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Make It Classic(al): Naxos
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Make It Classic(al):
Naxos

Classical music is an essential fundament for music theory as we know it today. But with an extremely rich history of over half a millennium–where to start digging? Let us be the conductor: Naxos is a good place to start. Founded in 1987 by Klaus Heymann, a German-born entrepreneur in Hong Kong, it’s now the world’s largest distributor of classical, jazz and world music.

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Besides being a label, Naxos distributes music by over 700 labels from all over the world including Sony Classics, New York Philharmonic, Cantaloupe Music & Delphian. The catalog of Naxos spans over 60.000 releases ranging from Bach to Beethoven, and from classical orchestras to contemporary music which also touches genres such as folk, world music, electronica, and jazz.

But then again, where to start?! “Even though we have recordings with full orchestras, I would start out with our recordings that are a single instrument”, says Lauren Gudmonson (Micro Licensing for Naxos). “Classical music may seem intimidating, but there are a lot of great introductory recordings. You could use a simple cello melody, violin track, or piano chords to transform any track. For example, to make it more dramatic or full.”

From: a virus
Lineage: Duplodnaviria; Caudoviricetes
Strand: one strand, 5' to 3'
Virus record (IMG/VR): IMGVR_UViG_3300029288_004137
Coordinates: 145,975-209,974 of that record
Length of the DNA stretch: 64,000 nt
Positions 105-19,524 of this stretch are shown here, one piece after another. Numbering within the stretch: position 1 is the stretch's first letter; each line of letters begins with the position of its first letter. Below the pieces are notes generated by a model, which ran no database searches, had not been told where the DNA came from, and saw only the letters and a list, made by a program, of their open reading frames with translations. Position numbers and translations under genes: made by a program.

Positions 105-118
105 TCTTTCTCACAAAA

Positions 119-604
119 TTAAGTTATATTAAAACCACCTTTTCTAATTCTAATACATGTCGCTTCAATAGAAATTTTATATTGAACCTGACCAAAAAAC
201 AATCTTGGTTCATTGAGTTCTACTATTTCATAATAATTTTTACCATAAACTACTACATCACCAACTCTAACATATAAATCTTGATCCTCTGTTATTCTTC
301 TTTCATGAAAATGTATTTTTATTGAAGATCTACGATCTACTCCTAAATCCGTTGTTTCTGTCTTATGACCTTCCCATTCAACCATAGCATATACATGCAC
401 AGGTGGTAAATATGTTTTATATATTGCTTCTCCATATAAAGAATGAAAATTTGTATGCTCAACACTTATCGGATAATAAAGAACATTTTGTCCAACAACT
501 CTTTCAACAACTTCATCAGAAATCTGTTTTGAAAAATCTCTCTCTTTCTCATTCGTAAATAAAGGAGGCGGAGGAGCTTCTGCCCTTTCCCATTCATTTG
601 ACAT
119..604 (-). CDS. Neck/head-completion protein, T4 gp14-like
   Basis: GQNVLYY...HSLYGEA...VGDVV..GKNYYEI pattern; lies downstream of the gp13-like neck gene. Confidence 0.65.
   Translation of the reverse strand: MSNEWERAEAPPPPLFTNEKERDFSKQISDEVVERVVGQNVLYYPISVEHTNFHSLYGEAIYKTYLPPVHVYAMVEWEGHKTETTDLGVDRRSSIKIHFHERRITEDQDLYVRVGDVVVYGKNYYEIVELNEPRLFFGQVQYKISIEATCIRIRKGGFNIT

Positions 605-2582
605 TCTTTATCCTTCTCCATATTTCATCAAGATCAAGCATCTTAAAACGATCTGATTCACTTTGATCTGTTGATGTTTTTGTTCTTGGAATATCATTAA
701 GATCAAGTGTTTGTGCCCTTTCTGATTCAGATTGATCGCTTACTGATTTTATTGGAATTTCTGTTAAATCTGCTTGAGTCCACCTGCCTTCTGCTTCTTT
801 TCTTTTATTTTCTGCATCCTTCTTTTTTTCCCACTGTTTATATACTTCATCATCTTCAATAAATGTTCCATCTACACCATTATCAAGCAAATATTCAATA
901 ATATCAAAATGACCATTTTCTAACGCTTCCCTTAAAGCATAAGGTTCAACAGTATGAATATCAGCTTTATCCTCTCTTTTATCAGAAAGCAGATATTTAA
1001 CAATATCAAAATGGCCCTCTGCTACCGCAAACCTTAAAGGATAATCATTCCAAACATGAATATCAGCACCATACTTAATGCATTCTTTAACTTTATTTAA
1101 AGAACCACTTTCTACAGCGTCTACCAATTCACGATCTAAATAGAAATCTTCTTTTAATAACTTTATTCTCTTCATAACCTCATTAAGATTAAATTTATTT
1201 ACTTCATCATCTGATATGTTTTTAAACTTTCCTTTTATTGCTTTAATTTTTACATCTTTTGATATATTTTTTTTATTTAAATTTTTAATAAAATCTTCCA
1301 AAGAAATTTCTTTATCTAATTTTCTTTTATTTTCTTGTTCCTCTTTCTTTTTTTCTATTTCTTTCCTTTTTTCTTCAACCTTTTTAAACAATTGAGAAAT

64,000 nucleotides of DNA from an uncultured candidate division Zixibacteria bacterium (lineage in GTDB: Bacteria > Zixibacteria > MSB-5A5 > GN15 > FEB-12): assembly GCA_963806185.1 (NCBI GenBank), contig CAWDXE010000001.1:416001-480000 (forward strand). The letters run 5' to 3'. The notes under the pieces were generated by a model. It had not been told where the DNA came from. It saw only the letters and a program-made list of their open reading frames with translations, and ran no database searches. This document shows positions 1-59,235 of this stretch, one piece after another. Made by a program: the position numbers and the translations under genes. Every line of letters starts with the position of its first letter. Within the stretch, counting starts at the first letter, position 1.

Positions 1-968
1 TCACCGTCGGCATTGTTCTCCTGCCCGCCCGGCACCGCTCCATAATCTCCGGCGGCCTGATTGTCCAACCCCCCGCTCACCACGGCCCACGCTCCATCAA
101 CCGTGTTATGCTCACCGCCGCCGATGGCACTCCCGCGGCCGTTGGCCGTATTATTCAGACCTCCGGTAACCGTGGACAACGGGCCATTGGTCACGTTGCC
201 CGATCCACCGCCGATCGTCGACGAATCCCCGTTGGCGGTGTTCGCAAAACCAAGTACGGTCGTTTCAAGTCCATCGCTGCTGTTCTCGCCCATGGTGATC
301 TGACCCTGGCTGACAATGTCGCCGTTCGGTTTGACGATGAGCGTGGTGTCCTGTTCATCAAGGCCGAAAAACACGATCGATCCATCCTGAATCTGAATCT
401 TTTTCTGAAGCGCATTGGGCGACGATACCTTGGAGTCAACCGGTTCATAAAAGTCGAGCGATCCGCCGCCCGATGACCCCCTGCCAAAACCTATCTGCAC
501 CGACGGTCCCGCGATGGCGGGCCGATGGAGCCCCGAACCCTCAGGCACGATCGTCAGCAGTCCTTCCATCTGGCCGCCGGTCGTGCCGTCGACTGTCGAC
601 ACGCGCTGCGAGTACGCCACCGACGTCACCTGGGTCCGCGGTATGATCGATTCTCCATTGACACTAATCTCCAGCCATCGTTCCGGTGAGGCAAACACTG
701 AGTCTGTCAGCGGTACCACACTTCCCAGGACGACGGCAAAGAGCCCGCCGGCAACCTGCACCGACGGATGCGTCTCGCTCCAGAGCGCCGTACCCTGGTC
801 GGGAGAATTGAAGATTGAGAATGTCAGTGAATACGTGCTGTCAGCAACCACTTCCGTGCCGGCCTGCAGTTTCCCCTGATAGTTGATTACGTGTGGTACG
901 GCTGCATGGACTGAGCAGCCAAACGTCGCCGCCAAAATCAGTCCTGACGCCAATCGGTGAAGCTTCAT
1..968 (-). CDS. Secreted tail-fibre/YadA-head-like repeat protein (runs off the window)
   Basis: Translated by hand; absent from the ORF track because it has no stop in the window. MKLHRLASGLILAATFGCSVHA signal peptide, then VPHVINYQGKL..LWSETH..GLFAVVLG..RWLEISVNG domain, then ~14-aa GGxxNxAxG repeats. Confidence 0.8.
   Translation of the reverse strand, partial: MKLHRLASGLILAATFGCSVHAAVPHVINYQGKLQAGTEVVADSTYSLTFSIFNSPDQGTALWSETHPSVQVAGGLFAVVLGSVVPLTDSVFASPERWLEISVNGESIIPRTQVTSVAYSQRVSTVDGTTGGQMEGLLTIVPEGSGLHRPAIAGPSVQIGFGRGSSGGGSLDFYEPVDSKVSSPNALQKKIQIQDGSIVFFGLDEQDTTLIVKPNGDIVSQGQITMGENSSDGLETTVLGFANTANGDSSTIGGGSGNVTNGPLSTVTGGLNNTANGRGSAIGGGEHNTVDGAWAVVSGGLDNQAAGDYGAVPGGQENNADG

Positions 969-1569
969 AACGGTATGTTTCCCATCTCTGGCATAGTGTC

Despite being grounded in a classical realm, Naxos has always looked to the future: as early as 1996, the label was one of the first in the world to put their entire catalog on a streaming website, they launched a Music Library subscription streaming service in 2002, and three years ago they joined services such as Tidal and Qobuz with lossless music streaming.


“Classical is not just for older generations,” continues Gudmonson, “a lot of the music we all listen to today either sample classical tracks or are inspired by the genre. That’s why for us Tracklib is so great: we are all about making classical music relevant again. We love seeing how creative all of the Tracklib users are.”

A track by Erik Satie is now limitedly available as a free download on top of this Label Spotlight. But Gudmonson got a few suggestions up her sleeve as well: “I would love to transform an iconic classical piece like Vivaldi’s Four Seasons or Tchaikovsky’s The Nutcracker that everybody has heard, but make it unique and my own. And I feel like a strong chorus from a choral track can make any piece become strong and dramatic.”


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